This might be a water vole but its the only stock photo that I could find! No vole lawsuits for me!
I realise that voles are not endemic in Australia. I also realise that most voles could care less about vegetables BUT with global warming who knows where the voles will migrate…there could be voles right now stowing away on cruise ships with tiny sticks over their shoulders and all of their worldly seedy belongings stowed in a tied up gingham kerchief…stealthily and steadfastly wending their way to Australia to start a new beginning. If the Irish can do it…so can the voles. They keep telling us that we now have foxes in Tasmania although most people haven’t seen them and there is a sneaking suspicion that some wily Tasmanian decided that working in the forestry was a bit of a dud and that he might spread the rumour that “there be foxes!” so that he could sit back in a cushy “hunt the fox” job and get paid a handsome sum to stay in bed all day and postulate about “yup…me mate saw one the uva day!”. Most of Tasmania wants to end the “Fox Taskforce” as a bad joke BUT I can see a new direction for it…”Vole Taskforce!” Why not? If foxes can weasel their way over here in the boot of someone’s car (probably said aforementioned wily Tasmanian who ferried them in as “evidence” for his new income venture…) then so can voles! I could put an entire extended family of voles under my hat and a banana in my handbag and run the gamut of the sniffer dogs and insist that I didn’t realise that I wasn’t allowed to bring in a bit of fruit to eat for morning tea whilst the dogs rabidly tried to digest my legs. Once my contraband fruit was handed over they would pass me through customs…no banana “no worries luv”! But I WOULD have a hat full of voles and a new income generating venture for the coming season 😉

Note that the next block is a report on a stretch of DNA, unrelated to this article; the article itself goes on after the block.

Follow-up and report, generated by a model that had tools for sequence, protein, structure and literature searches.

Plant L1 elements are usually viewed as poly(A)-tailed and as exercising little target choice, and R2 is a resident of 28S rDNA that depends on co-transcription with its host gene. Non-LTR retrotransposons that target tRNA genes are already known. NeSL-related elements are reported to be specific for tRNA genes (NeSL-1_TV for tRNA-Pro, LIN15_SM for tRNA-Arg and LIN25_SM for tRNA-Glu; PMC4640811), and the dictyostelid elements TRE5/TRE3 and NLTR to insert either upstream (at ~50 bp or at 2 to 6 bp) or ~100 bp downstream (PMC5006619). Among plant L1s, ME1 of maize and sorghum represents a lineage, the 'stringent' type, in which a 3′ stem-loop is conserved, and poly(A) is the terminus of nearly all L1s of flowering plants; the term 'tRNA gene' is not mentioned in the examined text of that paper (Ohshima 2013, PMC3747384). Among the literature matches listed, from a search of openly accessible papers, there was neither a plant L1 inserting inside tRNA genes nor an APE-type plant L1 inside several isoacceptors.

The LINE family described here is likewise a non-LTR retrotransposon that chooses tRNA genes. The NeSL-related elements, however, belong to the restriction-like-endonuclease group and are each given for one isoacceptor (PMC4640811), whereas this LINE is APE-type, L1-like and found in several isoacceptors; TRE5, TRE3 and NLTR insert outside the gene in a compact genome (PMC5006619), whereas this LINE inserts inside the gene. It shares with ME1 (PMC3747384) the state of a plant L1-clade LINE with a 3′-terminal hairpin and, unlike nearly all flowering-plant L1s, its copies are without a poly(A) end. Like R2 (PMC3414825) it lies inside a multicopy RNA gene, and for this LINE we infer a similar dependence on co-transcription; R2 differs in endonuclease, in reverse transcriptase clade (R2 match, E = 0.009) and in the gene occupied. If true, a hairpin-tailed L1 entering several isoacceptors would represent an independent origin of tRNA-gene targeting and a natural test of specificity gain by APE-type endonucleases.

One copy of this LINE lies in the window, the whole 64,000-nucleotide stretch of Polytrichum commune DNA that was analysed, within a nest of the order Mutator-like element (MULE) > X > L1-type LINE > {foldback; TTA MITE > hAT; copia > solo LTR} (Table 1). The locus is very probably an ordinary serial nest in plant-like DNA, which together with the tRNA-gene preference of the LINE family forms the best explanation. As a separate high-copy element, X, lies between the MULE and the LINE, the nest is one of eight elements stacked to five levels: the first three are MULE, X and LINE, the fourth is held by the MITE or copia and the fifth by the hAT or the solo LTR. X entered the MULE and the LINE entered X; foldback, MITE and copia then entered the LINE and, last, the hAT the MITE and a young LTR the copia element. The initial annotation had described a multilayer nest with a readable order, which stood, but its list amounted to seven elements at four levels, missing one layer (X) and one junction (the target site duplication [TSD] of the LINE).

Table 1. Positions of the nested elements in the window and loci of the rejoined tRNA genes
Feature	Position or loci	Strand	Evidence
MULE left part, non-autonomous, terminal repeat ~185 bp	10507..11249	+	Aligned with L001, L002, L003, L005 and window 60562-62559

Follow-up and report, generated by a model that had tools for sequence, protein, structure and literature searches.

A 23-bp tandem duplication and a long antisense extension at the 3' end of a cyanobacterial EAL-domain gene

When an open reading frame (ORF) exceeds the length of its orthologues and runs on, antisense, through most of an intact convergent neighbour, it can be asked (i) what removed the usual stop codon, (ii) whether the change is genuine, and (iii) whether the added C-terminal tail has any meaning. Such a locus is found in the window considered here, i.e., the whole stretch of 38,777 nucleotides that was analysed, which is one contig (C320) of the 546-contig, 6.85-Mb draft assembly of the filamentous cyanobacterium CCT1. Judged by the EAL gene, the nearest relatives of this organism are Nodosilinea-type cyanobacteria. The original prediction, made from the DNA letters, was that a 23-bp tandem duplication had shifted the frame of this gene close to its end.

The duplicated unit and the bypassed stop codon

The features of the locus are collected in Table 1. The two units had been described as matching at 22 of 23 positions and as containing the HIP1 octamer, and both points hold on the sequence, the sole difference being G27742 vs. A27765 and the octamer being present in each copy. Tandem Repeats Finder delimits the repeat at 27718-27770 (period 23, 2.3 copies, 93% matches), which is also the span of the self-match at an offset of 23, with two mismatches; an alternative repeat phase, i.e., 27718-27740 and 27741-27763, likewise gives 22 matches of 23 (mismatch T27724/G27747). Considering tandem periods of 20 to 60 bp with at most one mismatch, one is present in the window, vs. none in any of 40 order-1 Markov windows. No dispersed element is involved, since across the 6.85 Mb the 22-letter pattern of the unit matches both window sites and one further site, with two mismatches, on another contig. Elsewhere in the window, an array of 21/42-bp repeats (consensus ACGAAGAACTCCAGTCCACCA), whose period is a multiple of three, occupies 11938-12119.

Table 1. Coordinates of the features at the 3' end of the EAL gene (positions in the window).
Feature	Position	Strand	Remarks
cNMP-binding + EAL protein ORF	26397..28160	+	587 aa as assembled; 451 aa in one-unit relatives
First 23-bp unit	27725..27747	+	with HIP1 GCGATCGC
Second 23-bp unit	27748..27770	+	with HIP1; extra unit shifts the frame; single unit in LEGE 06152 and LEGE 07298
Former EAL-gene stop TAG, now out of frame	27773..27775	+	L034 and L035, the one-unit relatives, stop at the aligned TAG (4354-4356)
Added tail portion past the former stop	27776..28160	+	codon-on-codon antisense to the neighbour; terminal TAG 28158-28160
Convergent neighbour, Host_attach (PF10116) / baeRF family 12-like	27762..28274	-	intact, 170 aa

This is just to prove to myself that I CAN make fishcakes! Secret = use the potato ricer rather than mash the spuds
Earls potato sack halloween costume. He figures that he can trick people into letting him into their homes and then he can treat himself to whatever he likes and carry it away in his sack
Steve catching Earl in the act as he tried to head over to Frank and Adrian’s place next door and almost fell off the deck…
Stevie Kruger joining in on the halloween festivities…”One two Stevie’s coming for you”…
A plethora of vegan food blogs have exploded exponentially in my rss feed read thanks to vegan mofo. Vegan mofo is a month of crazed recipe creation where every day my inbox is cram packed full of awesome and exciting vegan recipes. I can officially be called a hoarder of vegan blogs and Steve is considering an intervention (but not before I collect a whole lot more!) These blogs freely share homemade cheeze recipes, how to make creamy vegan sauces, all sorts of wonderful sauces, salsas, spices and herby goodness to excite my tastebuds… now could I resist? My rss feed reader is bursting its seams but I just can’t stop! They are all so amazing, so promising, so full to the brim with wonderful creative and scrumptious looking food that my gluttonous fingertips keep clicking “Add to rss feed reader” before my brain kicks in. It IS 5am when I am reading them folks…who is awake then? I am NO exception! I am actually going to make one of the “cheeze” recipes tomorrow. This recipe is made with coconut cream and the resulting cheeze looks like cheddar, melts like cheddar and gives a nice cheesy result for pizza, quesadilla’s and all sorts of previously unattainable recipes. This is why I get up at 5am folks…I am hunting vegan wabbits! I will share this recipe with you because I am the magnanimous and most caring person that I am. If you are brave, give it a go. If you are lactose intolerant, can’t eat nuts, are vegan etc… it could be a life saver.